The final result was the Minnesota Vikings, a team that's smack in the middle of a rebuilding phase for the franchise, going out as an underdog for the second straight time and imposing their will on the team on the other side of the ball. They've done it against two teams that made the post-season for the NFC last season, one of which made it to the NFC Championship Game. Two teams that were supposed to "expose" the Vikings as being an average to below average football team. And with 12 games remaining in the 2012 season, the Vikings have already matched their win total from their tumultuous 2011 campaign.
They won a game against a divisional opponent for the first time since September of 2010.
They won a road game against a divisional opponent for the first time since. . .hope you're sitting down. . .Brett Favre's return to Lambeau Field in 2009.
They've won consecutive games for the first time since Leslie Frazier's first two games as an NFL head coach, when they defeated the Washington Redskins and the Buffalo Bills.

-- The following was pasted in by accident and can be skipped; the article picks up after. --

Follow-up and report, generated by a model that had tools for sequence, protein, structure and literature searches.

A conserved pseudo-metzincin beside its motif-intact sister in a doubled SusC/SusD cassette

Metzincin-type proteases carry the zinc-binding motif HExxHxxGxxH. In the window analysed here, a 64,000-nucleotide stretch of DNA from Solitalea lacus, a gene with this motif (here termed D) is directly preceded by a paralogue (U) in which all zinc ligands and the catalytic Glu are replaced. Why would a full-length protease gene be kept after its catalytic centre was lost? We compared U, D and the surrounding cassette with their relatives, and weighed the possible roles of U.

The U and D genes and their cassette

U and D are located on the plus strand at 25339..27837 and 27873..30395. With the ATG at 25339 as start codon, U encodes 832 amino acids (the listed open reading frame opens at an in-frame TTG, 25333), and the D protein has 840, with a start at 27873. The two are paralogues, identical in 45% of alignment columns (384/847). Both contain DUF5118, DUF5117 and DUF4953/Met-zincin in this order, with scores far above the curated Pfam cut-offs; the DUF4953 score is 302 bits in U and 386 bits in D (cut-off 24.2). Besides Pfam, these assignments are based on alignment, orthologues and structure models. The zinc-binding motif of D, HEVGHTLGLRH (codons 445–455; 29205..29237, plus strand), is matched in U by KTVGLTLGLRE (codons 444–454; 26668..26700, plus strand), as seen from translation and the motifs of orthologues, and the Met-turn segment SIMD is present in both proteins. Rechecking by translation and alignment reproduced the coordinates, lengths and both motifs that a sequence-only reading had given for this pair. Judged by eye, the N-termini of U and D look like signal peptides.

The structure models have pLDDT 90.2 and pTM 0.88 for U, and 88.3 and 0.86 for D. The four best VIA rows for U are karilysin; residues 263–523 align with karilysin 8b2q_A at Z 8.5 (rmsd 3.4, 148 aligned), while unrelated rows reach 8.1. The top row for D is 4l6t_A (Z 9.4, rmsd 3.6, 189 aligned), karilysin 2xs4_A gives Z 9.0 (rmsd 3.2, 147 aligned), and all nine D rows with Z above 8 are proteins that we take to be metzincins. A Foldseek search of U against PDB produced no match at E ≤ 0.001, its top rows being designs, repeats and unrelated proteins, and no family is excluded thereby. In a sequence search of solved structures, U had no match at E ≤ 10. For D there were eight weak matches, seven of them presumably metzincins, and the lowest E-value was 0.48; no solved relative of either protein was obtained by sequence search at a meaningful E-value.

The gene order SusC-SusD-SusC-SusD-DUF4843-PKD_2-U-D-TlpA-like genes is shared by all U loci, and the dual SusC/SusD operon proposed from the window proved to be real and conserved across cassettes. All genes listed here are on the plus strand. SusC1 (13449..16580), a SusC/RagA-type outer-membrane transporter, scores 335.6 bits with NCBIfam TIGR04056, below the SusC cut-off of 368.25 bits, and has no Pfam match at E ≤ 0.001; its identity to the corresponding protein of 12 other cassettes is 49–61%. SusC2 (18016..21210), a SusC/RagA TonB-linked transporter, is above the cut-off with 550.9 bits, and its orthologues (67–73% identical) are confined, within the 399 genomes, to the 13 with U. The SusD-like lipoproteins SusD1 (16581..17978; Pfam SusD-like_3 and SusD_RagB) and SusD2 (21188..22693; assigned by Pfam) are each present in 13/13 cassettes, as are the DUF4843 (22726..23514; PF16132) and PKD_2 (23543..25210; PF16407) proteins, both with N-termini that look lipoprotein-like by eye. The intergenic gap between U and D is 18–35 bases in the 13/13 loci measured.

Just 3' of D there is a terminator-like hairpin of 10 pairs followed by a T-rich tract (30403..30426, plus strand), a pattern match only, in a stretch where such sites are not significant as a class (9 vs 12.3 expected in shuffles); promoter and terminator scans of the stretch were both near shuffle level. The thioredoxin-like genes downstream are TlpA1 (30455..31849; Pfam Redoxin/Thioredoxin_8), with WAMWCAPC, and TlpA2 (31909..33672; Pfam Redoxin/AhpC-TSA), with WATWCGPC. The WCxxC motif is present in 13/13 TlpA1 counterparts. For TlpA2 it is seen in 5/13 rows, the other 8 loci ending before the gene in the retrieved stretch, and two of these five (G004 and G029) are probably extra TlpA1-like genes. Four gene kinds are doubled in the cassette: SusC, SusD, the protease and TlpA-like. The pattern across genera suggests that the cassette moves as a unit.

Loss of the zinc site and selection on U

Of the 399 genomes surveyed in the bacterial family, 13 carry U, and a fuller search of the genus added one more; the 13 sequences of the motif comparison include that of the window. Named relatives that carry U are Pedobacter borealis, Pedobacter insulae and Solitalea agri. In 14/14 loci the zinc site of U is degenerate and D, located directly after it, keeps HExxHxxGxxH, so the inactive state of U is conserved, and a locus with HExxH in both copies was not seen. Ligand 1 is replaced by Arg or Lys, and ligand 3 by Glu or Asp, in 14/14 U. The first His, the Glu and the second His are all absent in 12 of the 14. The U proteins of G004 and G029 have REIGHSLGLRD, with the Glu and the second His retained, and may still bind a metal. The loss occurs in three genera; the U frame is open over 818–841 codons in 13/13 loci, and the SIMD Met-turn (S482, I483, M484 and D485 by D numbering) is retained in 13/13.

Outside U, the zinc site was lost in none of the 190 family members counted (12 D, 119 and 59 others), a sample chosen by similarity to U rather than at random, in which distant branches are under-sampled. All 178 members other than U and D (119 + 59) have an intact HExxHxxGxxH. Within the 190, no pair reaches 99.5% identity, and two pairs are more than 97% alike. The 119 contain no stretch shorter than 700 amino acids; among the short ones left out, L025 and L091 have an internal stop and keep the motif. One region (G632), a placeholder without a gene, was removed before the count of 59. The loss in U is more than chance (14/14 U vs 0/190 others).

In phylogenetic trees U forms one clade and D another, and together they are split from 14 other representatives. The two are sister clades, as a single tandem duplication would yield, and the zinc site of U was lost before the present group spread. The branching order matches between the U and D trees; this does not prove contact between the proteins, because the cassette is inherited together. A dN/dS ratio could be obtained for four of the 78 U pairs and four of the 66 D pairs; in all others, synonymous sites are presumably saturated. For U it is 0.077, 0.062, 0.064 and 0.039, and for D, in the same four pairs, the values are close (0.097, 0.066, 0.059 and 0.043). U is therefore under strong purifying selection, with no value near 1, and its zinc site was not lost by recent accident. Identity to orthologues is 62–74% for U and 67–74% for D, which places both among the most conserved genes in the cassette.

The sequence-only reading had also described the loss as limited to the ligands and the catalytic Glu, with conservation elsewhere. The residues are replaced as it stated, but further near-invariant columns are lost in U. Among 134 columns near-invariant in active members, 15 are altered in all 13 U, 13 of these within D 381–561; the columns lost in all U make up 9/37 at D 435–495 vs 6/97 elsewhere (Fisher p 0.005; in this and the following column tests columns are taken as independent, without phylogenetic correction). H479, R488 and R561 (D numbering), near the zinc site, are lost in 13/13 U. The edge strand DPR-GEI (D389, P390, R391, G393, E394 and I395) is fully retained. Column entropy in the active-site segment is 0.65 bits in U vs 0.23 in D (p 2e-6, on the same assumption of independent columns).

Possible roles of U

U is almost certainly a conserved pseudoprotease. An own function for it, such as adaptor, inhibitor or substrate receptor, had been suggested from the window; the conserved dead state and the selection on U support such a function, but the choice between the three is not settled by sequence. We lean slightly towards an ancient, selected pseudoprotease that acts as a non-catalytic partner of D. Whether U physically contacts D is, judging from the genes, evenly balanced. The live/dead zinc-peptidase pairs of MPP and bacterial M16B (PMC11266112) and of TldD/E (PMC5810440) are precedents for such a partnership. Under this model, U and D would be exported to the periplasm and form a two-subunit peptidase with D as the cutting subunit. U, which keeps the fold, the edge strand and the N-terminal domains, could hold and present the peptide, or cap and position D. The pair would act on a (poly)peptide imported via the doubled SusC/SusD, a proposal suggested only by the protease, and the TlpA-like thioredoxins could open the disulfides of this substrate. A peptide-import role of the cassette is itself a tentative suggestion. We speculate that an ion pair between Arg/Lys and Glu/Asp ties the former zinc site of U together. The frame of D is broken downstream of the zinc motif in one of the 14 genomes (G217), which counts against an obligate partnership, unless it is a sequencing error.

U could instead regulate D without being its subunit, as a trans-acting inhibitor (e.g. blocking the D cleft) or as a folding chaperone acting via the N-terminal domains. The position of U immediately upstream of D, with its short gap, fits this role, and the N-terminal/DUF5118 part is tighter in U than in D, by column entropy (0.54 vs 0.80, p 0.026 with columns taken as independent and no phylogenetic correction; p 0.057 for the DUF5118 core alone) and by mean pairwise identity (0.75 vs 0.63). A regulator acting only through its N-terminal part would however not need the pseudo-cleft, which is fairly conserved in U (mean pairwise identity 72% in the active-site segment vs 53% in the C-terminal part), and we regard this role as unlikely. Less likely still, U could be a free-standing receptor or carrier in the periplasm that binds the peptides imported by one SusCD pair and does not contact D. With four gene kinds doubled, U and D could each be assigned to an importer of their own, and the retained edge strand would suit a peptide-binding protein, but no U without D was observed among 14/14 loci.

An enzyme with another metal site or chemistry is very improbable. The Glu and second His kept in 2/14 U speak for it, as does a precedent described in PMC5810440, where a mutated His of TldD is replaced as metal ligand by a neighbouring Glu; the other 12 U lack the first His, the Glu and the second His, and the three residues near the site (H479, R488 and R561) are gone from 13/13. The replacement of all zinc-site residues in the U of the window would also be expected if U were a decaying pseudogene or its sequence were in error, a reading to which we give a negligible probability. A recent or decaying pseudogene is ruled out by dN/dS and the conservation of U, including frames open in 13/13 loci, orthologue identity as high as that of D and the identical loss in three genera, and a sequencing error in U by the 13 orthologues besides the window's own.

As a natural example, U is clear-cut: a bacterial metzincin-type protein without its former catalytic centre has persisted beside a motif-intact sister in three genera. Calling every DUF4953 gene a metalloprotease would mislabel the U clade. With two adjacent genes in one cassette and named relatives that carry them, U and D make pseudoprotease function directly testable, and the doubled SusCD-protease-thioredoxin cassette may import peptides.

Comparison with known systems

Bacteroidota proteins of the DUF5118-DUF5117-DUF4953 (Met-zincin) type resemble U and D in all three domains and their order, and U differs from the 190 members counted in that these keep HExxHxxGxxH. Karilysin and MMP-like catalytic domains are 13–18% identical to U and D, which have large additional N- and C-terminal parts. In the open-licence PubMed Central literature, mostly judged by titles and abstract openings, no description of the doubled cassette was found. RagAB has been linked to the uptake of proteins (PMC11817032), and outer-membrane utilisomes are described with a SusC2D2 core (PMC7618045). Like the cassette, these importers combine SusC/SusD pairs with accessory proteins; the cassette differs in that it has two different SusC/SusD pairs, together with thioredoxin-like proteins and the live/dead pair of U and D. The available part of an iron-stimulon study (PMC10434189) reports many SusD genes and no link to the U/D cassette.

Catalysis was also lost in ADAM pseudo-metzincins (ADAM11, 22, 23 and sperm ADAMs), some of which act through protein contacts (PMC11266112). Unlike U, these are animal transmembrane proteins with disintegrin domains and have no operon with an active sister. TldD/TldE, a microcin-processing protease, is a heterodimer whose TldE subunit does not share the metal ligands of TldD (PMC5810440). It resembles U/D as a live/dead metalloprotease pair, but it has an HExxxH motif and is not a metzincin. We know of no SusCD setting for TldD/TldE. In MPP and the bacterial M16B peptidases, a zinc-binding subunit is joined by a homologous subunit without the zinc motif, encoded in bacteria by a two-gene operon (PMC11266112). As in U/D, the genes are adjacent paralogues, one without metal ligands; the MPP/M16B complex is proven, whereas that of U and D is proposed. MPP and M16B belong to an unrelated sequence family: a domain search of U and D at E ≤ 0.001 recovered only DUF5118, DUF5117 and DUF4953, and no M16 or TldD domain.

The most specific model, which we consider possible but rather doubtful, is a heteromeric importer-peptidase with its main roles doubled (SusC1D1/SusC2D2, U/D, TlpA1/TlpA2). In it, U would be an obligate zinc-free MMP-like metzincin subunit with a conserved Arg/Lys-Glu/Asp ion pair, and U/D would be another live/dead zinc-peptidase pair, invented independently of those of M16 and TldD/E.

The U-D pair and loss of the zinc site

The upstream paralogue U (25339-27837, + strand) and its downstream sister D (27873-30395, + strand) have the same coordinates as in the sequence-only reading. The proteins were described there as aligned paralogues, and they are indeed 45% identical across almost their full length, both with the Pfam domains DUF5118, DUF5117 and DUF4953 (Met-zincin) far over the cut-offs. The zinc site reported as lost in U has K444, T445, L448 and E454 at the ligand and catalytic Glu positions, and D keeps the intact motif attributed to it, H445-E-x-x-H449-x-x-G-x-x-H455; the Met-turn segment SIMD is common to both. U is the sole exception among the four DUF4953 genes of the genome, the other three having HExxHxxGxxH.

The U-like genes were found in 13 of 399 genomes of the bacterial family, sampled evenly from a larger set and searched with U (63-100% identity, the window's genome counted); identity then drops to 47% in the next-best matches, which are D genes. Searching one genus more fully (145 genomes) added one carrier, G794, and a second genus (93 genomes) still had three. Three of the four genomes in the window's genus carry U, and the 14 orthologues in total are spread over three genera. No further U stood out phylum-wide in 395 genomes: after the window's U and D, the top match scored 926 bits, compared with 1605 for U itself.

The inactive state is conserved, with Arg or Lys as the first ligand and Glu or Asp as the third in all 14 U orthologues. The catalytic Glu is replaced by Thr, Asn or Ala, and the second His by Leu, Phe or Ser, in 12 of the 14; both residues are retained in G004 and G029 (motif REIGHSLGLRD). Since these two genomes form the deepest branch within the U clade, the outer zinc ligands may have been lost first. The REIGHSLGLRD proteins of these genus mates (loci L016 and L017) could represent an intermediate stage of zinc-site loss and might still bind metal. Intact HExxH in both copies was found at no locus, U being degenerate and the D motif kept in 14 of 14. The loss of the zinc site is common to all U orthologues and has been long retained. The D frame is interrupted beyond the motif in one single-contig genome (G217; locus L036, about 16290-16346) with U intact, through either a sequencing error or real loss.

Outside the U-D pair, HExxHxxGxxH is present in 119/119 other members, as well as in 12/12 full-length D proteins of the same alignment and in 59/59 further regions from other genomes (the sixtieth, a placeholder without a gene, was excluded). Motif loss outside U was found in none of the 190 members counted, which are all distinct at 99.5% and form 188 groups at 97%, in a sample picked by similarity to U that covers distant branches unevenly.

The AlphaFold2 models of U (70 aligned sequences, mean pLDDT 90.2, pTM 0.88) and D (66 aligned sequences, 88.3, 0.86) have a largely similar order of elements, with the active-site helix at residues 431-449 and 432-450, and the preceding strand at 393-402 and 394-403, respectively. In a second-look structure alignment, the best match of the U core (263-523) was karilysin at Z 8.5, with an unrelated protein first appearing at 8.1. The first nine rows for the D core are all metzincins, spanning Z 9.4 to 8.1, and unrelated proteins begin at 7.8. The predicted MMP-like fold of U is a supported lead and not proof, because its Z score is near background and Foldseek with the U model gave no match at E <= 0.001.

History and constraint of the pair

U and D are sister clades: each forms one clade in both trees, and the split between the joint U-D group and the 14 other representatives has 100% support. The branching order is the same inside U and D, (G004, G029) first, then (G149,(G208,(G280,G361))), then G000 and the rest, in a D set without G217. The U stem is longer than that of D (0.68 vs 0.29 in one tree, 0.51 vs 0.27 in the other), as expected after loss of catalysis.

Now, with the Tennessee Titans on the horizon, we get an opportunity to learn something new about the Minnesota Vikings. We get an opportunity to see how they react to a little bit of success. With one of the youngest teams in the National Football League wildly exceeding expectations thus far (at least in terms of their won-loss record), it will be interesting to see how Leslie Frazier and company get this team to remain focused going into a game that they'll be expected to win, in front of their home crowd. If the first four weeks of the season so far are any indication, I expect that the coach and his staff will have this team focused and ready to go.
The Minnesota Vikings are 3-1, and in sole possession of first place in the NFC North for the first time in 1,001 days. And we, as fans, should be enjoying the heck out of it. After last season, nobody deserves to be pleasantly surprised more than we do.